How A Regional Grocer Is Taking Advantage Of The Retail Media Revolution


Dierbergs Markets, a regional grocery chain in the St. Louis area, was founded 170 years ago as a ride-up general store – as in, ride up on your horse.

These days, customers mostly get there by car, of course. But that’s not the only change Dierbergs has experienced. There’s electricity now – oh, and the internet, not to mention consumer habits.

The past decade has been a tumultuous period for regional and independent grocery chains, and Dierbergs has adapted.

In 2017, Dierbergs added a partnership with Shipt, a retailer fulfillment service that was acquired later that year by Target. The retailer now also works with DoorDash to list products for online sales and home deliveries.

But adopting modern tools is a big shift for a grocer whose goal is to remain a grocer – not become a technology company.

Dierbergs has followed consumer trends over the years, but “we aren’t organizationally structured to lock in and focus on tech development,” Jamie Collins, the company’s VP of marketing, told AdExchanger.

The grocery lane

Still, there are tech- and data-driven aspects of shopping nowadays that feel like table stakes from the consumer perspective, Collins said – like delivery and pickup options, in-app searches and personalized deals.

The likes of Walmart and Target have mountains of consumer data at their fingertips, she said. And so, for them, it makes sense to hire engineering teams or drop $550 million to acquire a service like Shipt.

But Dierbergs can’t effectively take advantage of retail media and its own supply of first-party data without external partners.

One way the chain capitalizes on the retail media and first-party data revolution is through a partnership with retail ad tech vendor Swiftly.


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The vendor opp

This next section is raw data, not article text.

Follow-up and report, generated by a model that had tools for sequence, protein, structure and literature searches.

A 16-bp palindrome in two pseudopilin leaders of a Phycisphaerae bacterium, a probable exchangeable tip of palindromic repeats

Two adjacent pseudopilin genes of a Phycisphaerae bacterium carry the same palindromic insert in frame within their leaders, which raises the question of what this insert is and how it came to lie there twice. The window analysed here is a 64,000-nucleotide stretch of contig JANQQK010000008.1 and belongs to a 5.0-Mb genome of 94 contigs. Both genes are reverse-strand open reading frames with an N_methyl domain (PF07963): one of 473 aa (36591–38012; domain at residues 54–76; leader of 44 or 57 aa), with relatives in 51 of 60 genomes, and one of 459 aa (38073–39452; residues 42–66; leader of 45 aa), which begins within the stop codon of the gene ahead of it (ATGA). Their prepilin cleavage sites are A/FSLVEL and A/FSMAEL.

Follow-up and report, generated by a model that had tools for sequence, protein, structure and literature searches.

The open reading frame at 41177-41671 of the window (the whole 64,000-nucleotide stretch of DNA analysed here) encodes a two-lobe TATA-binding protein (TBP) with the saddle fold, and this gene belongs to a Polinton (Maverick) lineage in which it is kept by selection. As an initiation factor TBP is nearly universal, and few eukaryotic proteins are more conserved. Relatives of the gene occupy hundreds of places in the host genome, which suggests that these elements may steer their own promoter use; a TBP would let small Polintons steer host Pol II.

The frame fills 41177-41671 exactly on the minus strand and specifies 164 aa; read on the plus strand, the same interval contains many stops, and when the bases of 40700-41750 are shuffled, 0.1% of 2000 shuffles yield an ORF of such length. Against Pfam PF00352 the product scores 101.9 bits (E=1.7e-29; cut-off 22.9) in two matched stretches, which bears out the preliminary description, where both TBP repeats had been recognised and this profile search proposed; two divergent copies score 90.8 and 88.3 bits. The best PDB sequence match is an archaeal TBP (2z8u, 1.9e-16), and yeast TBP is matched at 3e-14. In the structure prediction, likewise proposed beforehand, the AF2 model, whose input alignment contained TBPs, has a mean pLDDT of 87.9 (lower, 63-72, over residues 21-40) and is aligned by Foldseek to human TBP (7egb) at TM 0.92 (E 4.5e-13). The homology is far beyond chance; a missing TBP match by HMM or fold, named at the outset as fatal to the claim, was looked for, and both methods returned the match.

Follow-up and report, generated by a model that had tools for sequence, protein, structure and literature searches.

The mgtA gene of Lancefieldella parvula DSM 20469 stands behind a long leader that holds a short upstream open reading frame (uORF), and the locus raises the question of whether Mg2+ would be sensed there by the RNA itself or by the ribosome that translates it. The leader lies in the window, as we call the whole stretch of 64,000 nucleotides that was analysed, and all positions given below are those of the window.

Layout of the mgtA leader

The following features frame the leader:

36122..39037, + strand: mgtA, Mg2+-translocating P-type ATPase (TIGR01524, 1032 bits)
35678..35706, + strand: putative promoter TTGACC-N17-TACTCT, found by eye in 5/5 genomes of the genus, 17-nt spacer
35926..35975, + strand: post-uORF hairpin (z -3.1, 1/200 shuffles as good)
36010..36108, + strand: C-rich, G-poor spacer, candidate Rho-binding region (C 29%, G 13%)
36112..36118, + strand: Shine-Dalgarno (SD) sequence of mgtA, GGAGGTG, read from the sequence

Dierbergs began working with Swiftly as an ad tech and mobile app vendor prior to 2020, so it wasn’t a COVID-related response to ecommerce trends.

And the purpose of their relationship goes beyond generating a little extra incremental revenue from ad sales.

An independent grocer like Dierbergs is less focused on CPMs than it is on creating connections with shoppers and increasing the frequency of their visits, said CEO Greg Dierberg.

The Dierbergs app, for instance, which is now backed by Swiftly’s tech as well, was originally a sales driver for catering and prepared foods, not for everyday grocery shoppers or general customers.

Today, the app is particularly useful for identifying different customer segments, such as vegan, gluten-free or some other classification that affects what products are suggested on the app or site.

It’s not that Dierbergs isn’t interested in ad revenue, but the real gains come from shoppers who convert to regulars or become loyalty program members. Dierbergs has a new rewards program, which launched in 2022, that is now also connected to its app.

Bridging the app

But Dierberg (the person, not the store) was also quick to acknowledge that, as a regional chain, there’s value in working with a vendor that is itself committed to the retail long tail.

Launching a fledgling off-site and on-site media program is only a worthwhile business if it’s one part of a much larger whole, he said.

Swiftly’s media network also includes national advertisers, meaning it might work with, say, Pepsi’s branding and ecommerce business to reach people across grocery chains. In other cases, Dierbergs might work directly with Pepsi on trade marketing, such as a special in-store installation or local promotional campaigns.

Dierbergs is evolving to create more real-time and data-driven in-store opportunities. For example, print labels on shelves are now digital so that products and deals can be changed or presented to shoppers on the fly. Other signage around the store is also being digitized, Collins said.

It’s important for a grocer to operate an app and to bridge the experience between the app and in-store shopping, she said. But its primary goal is to remain focused on the customer experience, rather than operating retail media solely for the purpose of collecting ad revenue.

“We’re not wired to sell advertising,” Collins said. “We’re a grocery store.”



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